Please login or register to print this page.


Dr Maarten Immink, Senior Lecturer, Human Movement at University of South Australia

Clinical Articles, News & Views

Yoga – the missing link to stroke rehabilitation?

Evidence-based lifestyle interventions such as yoga have a role to play in addressing the unmet psychological, social and spiritual needs after a stroke, according to a review by Dr Maarten Immink (University of South Australia) published online recently on The Conversation.1

Strokes may cause long-term difficulties with attention, decision-making, memory, speech, understanding others, movement and balance. While these difficulties are typically targeted through rehabilitation and long-term stroke management, other less obvious consequences of stroke, such as poorer emotional well-being, may not be appropriately addressed, Dr Immink says.

Fatigue and low exercise tolerance often make it difficult for stroke survivors to participate in standard modes of exercise – but yoga can be individualised and adapted to suit most individuals despite their movement abilities. In fact, yoga can be more accessible to those seeking to keep active after stroke than other forms of exercise, he adds. With this level of accessibility, yoga can increase confidence and promote participation in other forms of physical activity and daily activities.

Furthermore, psychological benefits such as feeling in control and able to cope provides a sense of self-mastery, leading to better stress management and emotional well-being, Dr Immink says. Yoga can help us develop the skills necessary to remain in control of our physical and mental reactions when we face challenging situations. However, the current level of evidence for yoga’s psychological benefits is far from conclusive and the mechanisms underlying these benefits are yet to be clearly delineated, he adds, citing commentators who have proposed that mindfulness techniques engage the brain in particular ways that strengthen parts of the brain responsible for attention, decision making, working memory, and emotional regulation.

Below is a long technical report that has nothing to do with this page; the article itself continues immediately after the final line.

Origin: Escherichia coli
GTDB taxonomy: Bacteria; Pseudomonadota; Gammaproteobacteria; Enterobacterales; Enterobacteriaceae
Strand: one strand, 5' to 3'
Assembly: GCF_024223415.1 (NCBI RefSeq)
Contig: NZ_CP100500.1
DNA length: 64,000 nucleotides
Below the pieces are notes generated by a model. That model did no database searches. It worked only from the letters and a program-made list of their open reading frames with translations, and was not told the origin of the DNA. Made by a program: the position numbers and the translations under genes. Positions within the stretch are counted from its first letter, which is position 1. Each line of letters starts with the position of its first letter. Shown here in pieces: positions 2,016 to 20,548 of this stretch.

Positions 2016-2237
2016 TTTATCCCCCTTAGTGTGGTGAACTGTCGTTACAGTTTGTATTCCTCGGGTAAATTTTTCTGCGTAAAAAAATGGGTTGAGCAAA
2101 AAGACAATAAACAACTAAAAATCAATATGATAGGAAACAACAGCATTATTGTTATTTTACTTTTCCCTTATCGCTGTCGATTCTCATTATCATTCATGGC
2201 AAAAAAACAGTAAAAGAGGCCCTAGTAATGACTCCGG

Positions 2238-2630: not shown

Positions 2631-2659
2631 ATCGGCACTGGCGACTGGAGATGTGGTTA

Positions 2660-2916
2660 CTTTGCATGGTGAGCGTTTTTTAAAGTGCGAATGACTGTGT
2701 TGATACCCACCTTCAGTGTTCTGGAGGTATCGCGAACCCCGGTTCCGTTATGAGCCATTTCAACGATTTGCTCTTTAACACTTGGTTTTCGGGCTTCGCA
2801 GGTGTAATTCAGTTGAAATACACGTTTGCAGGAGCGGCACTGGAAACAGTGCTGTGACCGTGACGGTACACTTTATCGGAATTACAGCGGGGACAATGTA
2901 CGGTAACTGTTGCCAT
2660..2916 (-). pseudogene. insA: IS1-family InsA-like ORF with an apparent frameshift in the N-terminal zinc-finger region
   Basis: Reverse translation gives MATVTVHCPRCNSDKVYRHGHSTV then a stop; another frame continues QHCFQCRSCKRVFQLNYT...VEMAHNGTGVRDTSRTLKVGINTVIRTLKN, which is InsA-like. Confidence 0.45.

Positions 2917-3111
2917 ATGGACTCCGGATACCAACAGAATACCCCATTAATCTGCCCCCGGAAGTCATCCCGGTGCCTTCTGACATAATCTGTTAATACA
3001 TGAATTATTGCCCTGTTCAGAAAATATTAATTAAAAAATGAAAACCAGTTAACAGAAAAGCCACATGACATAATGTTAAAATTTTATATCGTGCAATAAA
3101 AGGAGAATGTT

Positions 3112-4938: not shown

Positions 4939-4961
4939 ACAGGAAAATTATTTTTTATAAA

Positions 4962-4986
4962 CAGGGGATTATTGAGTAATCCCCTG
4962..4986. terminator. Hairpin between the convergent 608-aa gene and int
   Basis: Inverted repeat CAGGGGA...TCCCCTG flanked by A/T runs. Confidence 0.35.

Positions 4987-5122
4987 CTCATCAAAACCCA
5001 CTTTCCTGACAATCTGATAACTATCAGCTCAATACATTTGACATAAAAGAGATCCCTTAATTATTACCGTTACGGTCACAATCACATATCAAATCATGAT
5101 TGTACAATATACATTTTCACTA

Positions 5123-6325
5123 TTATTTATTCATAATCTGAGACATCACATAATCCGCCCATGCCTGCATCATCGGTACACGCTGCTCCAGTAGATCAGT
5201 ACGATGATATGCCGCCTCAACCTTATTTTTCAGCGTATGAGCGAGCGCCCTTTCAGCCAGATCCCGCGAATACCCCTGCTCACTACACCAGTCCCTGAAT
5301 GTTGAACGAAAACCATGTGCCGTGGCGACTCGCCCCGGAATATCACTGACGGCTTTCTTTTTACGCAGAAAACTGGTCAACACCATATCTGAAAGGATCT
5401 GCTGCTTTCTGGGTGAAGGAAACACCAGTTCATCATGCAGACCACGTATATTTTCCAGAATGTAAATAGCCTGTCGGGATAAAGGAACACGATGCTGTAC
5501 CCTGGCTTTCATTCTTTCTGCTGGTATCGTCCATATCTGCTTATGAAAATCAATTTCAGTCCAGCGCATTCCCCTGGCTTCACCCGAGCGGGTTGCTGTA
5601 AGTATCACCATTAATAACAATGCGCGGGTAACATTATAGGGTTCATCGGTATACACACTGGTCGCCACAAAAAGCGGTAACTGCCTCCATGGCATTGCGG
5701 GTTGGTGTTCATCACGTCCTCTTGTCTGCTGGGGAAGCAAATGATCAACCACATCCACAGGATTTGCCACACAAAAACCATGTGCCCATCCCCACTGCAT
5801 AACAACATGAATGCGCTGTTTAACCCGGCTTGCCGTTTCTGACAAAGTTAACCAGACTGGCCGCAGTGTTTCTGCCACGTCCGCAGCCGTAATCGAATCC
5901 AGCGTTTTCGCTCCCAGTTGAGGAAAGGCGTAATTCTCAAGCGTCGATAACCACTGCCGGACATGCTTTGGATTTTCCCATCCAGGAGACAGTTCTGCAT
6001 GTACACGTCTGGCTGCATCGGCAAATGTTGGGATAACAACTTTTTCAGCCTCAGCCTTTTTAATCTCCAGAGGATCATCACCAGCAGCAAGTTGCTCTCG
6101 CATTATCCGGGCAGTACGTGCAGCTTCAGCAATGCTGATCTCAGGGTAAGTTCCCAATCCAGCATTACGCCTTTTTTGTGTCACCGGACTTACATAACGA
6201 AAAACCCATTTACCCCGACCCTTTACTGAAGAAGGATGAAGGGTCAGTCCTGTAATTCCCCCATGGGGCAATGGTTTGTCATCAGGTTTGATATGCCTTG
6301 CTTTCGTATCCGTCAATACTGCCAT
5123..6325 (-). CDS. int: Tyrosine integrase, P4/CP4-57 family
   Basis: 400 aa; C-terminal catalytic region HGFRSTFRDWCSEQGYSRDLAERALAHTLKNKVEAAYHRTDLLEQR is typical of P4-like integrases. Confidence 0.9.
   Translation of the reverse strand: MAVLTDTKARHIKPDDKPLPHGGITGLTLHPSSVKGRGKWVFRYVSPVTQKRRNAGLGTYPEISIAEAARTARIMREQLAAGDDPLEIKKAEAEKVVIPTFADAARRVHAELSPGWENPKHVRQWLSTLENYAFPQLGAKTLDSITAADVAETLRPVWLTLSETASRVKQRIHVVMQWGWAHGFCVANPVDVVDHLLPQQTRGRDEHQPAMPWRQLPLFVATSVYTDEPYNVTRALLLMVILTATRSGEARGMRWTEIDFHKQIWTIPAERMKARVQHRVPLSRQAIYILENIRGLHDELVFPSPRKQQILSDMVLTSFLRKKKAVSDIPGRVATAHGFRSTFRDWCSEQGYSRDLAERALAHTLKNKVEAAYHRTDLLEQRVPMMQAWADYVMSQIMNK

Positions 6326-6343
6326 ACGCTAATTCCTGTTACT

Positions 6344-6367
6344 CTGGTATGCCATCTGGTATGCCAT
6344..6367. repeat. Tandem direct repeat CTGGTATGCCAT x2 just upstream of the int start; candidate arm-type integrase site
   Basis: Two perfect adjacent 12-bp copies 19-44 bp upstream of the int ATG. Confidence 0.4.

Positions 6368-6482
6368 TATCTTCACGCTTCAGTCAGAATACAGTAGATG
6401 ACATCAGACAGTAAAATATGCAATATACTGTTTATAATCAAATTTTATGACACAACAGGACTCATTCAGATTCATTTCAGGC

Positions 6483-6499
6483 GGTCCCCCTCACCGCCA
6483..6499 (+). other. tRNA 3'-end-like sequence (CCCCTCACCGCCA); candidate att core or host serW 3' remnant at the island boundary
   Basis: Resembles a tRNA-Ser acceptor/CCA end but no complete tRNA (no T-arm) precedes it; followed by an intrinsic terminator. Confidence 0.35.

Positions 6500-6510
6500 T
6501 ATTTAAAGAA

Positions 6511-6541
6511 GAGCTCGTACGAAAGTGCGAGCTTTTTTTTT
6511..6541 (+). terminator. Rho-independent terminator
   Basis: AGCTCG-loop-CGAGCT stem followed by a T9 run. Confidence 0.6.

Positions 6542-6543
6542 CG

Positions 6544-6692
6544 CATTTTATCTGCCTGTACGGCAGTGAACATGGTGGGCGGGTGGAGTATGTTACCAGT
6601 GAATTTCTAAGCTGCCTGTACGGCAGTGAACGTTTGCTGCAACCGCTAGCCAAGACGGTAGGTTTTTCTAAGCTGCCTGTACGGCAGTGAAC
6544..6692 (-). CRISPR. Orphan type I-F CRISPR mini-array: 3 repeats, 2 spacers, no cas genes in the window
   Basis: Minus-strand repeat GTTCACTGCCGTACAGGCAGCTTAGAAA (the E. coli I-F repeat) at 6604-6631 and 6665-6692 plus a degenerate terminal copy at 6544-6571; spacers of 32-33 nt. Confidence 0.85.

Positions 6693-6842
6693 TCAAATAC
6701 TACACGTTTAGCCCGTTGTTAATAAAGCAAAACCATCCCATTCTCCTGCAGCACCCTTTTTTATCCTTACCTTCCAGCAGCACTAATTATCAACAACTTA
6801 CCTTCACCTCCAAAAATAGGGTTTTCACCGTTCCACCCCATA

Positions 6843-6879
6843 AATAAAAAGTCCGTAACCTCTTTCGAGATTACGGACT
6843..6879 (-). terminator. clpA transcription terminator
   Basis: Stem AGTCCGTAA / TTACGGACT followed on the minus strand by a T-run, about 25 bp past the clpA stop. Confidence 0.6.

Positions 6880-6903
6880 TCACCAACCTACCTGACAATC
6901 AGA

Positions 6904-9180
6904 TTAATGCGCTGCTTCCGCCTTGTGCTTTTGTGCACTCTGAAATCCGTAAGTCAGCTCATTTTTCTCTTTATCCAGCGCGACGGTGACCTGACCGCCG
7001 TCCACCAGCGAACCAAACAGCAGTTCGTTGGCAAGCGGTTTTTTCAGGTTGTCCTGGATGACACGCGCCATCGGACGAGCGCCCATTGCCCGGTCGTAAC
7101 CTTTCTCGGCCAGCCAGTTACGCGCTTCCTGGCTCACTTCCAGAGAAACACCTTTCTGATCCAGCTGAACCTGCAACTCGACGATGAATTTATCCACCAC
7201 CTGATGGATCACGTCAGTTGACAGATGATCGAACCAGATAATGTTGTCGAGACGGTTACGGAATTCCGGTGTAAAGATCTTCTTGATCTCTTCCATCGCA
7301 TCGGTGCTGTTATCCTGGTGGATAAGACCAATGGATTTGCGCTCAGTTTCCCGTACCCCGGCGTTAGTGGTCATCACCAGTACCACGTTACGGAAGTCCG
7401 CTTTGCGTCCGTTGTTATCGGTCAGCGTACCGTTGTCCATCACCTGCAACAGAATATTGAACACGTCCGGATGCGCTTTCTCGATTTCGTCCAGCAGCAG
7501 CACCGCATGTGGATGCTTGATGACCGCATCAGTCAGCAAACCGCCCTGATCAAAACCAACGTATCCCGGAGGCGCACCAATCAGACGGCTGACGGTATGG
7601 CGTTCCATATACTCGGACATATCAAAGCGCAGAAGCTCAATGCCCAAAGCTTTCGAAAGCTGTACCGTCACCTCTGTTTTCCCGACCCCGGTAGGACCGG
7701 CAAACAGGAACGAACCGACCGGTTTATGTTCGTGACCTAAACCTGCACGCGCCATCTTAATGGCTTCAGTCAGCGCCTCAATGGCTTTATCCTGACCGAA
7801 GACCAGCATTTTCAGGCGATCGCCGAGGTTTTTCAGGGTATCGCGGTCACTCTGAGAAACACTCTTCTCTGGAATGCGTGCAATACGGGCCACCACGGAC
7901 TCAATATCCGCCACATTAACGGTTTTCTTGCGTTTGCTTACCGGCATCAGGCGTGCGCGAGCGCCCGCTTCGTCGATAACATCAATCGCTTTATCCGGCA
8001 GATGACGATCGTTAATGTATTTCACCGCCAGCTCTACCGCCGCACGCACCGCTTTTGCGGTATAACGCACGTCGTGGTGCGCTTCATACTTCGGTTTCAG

Though it can be an important addition to standard therapies, it’s important to note that yoga is not a replacement for conventional health care, or a reason to postpone seeing a health professional, Dr Immink cautions. Before starting yoga, stroke survivors should consult with their health professional. Overall, yoga is considered to be safe, but styles and teachers vary, so not all yoga classes are appropriate for stroke survivors, he concludes.


1. Immink M.  Yoga may be the missing link to stroke survivors’ rehabilitation. The Conversation 2015. Available from:

Published on: September 30, 2015

Members Area

Log in or Register now.



Subscribe to our RSS feed


Sign up for our regular email newsletters & be the first to know about fresh articles and site updates.


    None Found


  • ArrhythmiaAlliance
  • Stars
  • Anticoagulation Europe
  • Atrial Fibrillation Association

You are not logged in

You need to be a member to print this page.
Sign up for free membership, or log in.

You are not logged in

You need to be a member to download PDF's.
Sign up for free membership, or log in.